At one time or another in your career or personal life, you will be asked to pay a price. As Coach Calipari said, “there are no victories at bargain prices.” Some victories will require bigger sacrifices than others. Sometimes you are willing to pay the price; others times you won’t be. On occasion, you will be required to put yourself on the line. The opportunities will cost you more. The stakes are higher, the rewards greater. At the end of the day, that B+ still irks me to the depth of my being, but I realize (proudly) that I was willing to pay the price.

If you ask me today if I’d be willing to take a soul sucking B+ in my best course to do what I did all those years ago, I’d look you straight in the eyes, toss you my car keys, pull myself up to the keyboard, and ask where we should begin. Whether I realized it or not, that day I learned the price of success. I learned the price of dedication. I paid it. We may not be willing to pay the price on everything, but on some things, we are. On that day, I learned we must oftentimes be willing to sacrifice what we must, in order to do what we must, to ultimately become who we will.

Whether I knew it or not at the time, it was a defining moment in my career. I knew who I was, and what I was willing to put on the line to become her.

As for my English Comp II grade, I say “thank you for the B+” to the merciless ice queen perched over her grade book, for each time I gaze down and see it upon my college transcripts, I’ll view it as the most meaningful, significant and beautiful B+ one could ever hope to earn.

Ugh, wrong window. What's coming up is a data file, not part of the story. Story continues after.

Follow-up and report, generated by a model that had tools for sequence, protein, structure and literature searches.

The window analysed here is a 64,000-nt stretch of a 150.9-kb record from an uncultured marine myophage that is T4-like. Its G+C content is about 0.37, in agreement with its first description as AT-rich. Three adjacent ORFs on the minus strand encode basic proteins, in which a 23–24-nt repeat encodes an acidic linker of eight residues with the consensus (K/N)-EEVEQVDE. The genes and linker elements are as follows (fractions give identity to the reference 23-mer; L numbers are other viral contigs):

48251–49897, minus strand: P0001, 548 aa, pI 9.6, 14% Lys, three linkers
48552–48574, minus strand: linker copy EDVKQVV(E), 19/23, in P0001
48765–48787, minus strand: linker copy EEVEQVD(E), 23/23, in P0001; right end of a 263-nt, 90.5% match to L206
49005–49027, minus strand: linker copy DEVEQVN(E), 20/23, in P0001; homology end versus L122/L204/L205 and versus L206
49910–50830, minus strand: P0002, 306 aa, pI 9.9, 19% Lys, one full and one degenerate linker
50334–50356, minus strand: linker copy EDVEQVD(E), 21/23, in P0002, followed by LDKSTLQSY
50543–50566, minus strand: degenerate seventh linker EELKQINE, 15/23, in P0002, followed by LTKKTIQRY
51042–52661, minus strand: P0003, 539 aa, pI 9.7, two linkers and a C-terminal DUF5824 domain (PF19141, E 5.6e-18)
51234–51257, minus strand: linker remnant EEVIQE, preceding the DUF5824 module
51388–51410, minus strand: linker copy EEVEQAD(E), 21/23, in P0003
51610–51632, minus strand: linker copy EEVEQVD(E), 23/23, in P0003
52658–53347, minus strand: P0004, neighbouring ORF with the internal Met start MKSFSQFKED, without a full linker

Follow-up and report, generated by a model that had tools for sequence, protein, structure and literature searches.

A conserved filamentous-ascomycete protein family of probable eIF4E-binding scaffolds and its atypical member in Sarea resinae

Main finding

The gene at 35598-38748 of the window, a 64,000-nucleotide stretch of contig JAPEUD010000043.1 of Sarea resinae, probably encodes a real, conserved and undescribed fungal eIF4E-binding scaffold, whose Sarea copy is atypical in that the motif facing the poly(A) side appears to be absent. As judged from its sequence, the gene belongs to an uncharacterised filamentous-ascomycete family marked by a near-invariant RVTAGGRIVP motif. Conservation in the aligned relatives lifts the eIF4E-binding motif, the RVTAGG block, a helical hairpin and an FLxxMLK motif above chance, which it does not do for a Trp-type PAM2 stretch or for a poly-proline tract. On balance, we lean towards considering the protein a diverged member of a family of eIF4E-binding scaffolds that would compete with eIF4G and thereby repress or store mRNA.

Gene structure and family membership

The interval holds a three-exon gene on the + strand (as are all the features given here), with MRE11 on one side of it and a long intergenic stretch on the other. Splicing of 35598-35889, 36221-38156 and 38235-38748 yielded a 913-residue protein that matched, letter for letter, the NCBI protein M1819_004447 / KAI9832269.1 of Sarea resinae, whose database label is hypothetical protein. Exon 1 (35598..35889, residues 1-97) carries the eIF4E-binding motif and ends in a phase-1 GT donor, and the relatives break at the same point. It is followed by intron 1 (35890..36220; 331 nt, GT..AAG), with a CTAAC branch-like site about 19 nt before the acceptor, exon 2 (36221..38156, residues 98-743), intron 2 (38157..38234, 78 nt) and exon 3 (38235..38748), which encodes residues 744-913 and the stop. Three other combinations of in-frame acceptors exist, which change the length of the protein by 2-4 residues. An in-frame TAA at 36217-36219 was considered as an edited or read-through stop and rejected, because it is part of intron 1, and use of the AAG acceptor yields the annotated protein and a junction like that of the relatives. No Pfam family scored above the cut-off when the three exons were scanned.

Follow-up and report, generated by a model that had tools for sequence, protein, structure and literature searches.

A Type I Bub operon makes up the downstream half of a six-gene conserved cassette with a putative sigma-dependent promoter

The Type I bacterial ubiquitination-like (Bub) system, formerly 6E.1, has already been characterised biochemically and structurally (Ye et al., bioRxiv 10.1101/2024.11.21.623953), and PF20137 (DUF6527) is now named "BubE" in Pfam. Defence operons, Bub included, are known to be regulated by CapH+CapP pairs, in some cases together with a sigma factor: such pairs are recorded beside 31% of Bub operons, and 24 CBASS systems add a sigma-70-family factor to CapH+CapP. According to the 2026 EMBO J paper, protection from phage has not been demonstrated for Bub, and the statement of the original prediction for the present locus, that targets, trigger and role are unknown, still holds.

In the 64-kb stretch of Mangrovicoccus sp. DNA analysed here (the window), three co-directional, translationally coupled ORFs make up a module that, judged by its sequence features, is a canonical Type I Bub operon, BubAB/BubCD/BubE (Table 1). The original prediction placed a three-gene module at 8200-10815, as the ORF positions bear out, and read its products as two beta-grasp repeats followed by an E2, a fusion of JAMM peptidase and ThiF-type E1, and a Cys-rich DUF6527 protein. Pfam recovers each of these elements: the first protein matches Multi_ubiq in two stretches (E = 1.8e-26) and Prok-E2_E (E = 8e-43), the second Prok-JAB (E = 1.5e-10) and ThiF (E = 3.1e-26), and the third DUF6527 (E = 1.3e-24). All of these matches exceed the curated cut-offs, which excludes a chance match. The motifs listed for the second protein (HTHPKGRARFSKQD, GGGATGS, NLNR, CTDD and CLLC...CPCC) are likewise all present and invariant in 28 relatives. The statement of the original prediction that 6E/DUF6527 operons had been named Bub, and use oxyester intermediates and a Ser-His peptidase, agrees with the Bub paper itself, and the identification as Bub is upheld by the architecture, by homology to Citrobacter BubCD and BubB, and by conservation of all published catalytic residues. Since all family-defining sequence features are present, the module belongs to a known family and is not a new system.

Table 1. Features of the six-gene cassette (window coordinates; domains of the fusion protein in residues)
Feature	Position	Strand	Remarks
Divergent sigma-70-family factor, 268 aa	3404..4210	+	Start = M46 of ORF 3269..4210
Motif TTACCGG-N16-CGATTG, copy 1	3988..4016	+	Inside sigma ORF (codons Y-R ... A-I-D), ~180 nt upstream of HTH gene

I earned it the day I became a dedicated paralegal. A day when I earned the first professional stripes of my career, and never looked back.

The day I learned I was willing to pay the price…of success.

_____

“…There are times when something is asked of us, and we find we must do it. There is no calculation involved, no measure of the necessity of the thing itself, the action that must be performed. There is simply an acknowledgment that we will do the thing in question, and then the thing is done, often at considerable personal cost… ”

– Jesse Ball

“What we obtain too cheaply, we esteem too lightly; it’s dearness only that gives everything its value.”

– Thomas Payne

“To every person there comes in their lifetime that special moment when you are figuratively tapped on the shoulder and offered the chance to do a very special thing, unique to you and your talents. What a tragedy if that moment finds you unprepared [unwilling] or unqualified for work which could have been your finest hour.”

Sir Winston Churchill